Actively Noticing Nature (Not Just Time in Nature) Helps Promote Nature Connectedness
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AbstractThe climate and biodiversity crises reveal a failing human-nature relationship. The psychological construct of nature connectedness provides a means for understanding and improving that relationship. Furthermore, recent research suggests that higher levels of nature connectedness benefit both people and the environment, promoting pro-nature conservation actions, pro-environmental behaviours, and greater personal wellbeing. Nature connectedness is therefore emerging as a key target to improve human and nature’s wellbeing. Using data from a large national survey in the UK, the present research investigates how nature contact and noticing nature activities predict nature connectedness. Multiple regression analyses revealed that noticing nature, through activities that involve active sensory engagement with wildlife, explained levels of nature connectedness over and above simply spending time in nature. Moreover, the activities engaged in when in nature had differential effects on nature connectedness. Watching, listening to and photographing wildlife were significant predictors of nature connectedness, whereas studying nature, looking at scenery through windows, observing celestial phenomena and collecting shells and rocks were not. The results have implications for how best to improve nature connectedness, both in terms of how to design and improve greenspaces, and in terms of how to better engage the public with nature for a healthy and sustainable future.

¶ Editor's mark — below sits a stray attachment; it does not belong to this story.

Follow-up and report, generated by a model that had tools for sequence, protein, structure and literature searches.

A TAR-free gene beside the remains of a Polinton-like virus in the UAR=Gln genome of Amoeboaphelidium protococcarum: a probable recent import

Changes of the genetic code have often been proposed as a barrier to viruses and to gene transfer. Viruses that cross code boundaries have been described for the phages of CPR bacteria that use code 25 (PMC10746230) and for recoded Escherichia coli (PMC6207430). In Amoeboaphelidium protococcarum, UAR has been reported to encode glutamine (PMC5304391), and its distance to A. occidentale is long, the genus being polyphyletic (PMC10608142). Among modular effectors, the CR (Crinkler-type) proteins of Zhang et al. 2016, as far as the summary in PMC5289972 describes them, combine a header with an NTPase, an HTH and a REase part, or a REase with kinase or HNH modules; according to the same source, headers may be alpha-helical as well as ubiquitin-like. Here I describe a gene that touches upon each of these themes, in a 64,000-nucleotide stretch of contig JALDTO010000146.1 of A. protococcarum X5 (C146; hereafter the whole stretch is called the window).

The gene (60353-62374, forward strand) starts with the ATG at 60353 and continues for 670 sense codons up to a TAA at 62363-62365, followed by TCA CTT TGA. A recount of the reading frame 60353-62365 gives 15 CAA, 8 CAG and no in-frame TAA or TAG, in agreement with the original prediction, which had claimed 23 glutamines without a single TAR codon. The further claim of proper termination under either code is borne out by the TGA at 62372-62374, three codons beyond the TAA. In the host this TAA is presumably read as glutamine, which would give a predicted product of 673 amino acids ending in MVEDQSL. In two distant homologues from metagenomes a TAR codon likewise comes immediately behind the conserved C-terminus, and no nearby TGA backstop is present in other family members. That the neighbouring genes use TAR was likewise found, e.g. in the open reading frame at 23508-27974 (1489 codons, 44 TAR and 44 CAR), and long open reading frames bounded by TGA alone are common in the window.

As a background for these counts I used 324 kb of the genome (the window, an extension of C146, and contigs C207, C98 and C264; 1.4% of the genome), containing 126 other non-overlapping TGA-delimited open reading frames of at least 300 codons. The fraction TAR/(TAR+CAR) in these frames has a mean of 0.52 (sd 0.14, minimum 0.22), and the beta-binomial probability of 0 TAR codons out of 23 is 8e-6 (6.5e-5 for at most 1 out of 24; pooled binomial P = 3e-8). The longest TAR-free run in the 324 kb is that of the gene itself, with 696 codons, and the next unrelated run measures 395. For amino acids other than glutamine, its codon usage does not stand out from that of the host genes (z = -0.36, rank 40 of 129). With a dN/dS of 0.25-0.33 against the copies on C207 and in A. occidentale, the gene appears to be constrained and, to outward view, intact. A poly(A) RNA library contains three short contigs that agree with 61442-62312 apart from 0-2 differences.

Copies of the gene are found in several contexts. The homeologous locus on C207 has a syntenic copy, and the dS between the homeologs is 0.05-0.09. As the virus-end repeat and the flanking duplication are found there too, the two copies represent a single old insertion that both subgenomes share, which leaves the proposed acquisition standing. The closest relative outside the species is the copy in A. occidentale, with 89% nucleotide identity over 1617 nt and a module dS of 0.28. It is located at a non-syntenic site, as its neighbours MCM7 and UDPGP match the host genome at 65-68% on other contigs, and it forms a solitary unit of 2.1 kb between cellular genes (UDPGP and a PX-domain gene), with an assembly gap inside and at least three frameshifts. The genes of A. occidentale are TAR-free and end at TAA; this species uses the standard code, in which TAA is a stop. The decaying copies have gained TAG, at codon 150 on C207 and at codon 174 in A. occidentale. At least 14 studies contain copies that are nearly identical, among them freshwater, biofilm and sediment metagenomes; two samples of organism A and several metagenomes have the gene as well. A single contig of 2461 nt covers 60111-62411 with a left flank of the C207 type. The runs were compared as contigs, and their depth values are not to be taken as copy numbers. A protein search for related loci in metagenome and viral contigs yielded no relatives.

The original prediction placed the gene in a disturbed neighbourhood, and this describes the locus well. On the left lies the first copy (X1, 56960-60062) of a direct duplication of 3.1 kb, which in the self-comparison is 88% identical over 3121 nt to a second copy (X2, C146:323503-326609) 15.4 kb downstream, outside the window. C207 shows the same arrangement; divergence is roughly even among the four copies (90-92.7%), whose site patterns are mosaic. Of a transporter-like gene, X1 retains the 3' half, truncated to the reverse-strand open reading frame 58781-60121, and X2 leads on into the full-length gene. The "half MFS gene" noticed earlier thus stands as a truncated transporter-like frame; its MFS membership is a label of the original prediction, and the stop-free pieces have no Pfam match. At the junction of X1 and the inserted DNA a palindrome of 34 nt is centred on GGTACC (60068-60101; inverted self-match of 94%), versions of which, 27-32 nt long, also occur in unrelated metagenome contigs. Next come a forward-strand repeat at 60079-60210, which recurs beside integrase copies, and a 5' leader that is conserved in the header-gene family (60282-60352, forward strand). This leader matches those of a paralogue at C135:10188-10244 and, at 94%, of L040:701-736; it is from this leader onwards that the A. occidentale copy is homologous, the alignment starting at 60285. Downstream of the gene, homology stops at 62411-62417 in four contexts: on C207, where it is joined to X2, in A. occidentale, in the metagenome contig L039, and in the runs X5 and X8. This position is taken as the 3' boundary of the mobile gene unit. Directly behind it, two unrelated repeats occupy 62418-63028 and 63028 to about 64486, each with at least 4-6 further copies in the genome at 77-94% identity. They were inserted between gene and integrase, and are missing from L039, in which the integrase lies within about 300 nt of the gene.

CitationRichardson, M., Hamlin, I., Butler, C.W., Thomas, R., & Hunt, A. (2022). 'Nature connectedness, noticing nature, nature contact, environmental psychology'. Ecopsychology, pp. 1-9.
PublisherMary Ann Liebert, Inc. Publishers
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